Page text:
4. Learn how to sew. I know it’s no longer cheaper to sew your own clothes, but sewing boasts some serious mental health benefits. According to this CNN article, crafting is a natural anti-depressant and produces effects similar to meditation. I can personally vouch for this having just DIY-ed a book cover for my bujo this weekend, and feeling my stress seep out of my body.

    Aren’t they gorgeous?! ❤ Here’s the tutorial in case you want to make your own.

  5. Dance to your favorite jams. I love bedroom bopping, alright? It’s a great way to get off the couch and raise your heart rate for a few minutes, and I’m sure that we all know that exercise is great for mental health also. Disclaimer: I’m not saying that exercise will magically cure mental illness. That would just be silly.

I hope you found these tips useful but, if not, here are some books on self-care so you can have expert opinions as well!

Feeling Good: The New Mood Therapy (I’m reading this one right now!)

From Coping to Thriving: How to Turn Self-Care Into a Way of Life

The Art of Extreme Self-Care: Transform Your Life One Month at a Time

~Live boundless.


18 thoughts on “Self-Care Isn’t Selfish + 5 Self-Care Activities

  1. Awesome tips for self care. I agree with the sewing thing especially. I usually have to hem pants or sometimes take in a waist, or some inches of a dress hem that falls on the wrong place (mid calf) and it would have been cheaper And much better if I’d learned this skill. My brother is very good at sewing, he’s 28. And he even sewed his own wool coat for winter. He did an excellent job and even the inside had this silk purple lining and he made the coat thicker than any wool coat you can find in stores. As well like a suit jacket that fits well, it’s tailored so pretty impressive I think. He hems his pants etc too.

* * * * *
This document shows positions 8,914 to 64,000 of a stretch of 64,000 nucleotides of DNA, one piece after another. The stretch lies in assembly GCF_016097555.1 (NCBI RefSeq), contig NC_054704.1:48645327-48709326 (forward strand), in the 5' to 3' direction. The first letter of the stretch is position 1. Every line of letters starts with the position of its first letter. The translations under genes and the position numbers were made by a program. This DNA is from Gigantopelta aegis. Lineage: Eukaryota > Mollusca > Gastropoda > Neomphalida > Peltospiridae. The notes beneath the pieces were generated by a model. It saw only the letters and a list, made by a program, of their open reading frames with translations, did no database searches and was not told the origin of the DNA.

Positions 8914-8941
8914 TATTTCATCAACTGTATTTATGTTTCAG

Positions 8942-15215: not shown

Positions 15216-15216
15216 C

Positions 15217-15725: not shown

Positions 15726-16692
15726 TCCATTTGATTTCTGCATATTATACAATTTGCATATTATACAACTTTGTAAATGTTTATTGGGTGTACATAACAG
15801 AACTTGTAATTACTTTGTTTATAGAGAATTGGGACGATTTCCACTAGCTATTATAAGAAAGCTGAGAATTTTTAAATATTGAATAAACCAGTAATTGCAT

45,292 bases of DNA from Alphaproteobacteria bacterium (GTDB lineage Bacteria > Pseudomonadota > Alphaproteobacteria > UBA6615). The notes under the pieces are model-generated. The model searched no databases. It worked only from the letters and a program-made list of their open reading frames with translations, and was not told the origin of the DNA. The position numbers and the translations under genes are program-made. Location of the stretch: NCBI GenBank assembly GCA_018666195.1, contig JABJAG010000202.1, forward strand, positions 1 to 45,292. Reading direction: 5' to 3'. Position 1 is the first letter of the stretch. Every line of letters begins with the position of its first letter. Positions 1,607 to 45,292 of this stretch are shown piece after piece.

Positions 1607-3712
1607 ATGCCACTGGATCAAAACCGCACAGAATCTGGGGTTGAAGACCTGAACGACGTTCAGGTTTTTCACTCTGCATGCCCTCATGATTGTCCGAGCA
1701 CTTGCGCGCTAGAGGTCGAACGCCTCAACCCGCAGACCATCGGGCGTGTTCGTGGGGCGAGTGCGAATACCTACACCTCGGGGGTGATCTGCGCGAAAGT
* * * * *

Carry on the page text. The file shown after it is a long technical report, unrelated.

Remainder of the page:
I think yoga is so helpful to self care as well. Completely makes a person feel so much better 🙂

    Liked by 1 person

      1. It’s very relaxing once you figure out the main poses. is a subscription and it’s awesome with daily new content and old yoga videos to go back and do. Also varying lengths from ones to stretch out your neck for 10 to 12 minutes, to a daily 25-30 minutes, to yoga for weightless at all levels, beginners sessions,morning and night, and even Pilates infused. 🙂 You’re welcome.

        Liked by 1 person

  2. I love your bujo’s cover and I’m totally in favor of journaling. I had a bujo once, but I gave up on it after some time. Then I moved to an journaling app called Journey. Now I’m just blogging and upcycling things. Willing to follow your other tips.


  3. YES! Do you know I worked as a counselor for nearly a decade before the powers that be decided to make self care for their employees a priority? It was always a part of the therapy we provided for our clients… not so much for us. Until one day, one of my supervisors had the profound epiphany that we couldn’t take care of our clients until we took care of ourselves first. I’m not counseling anymore, not professionally, anyway, but self-care is still crucial and I would argue it’s important in every walk of life. Otherwise… burnout.

    Liked by 1 person

  4. I’ve always been a coffee person but I’ve been interested in drinking tea. I would do all of these, except sewing, maybe I could find another similar hobby. Also, does blogging count as journalling? It’s pretty much the same thing, except you show your work to the internet when blogging while journalling is more private, or so I think. Wonderful article nonetheless. 🙂

    Liked by 1 person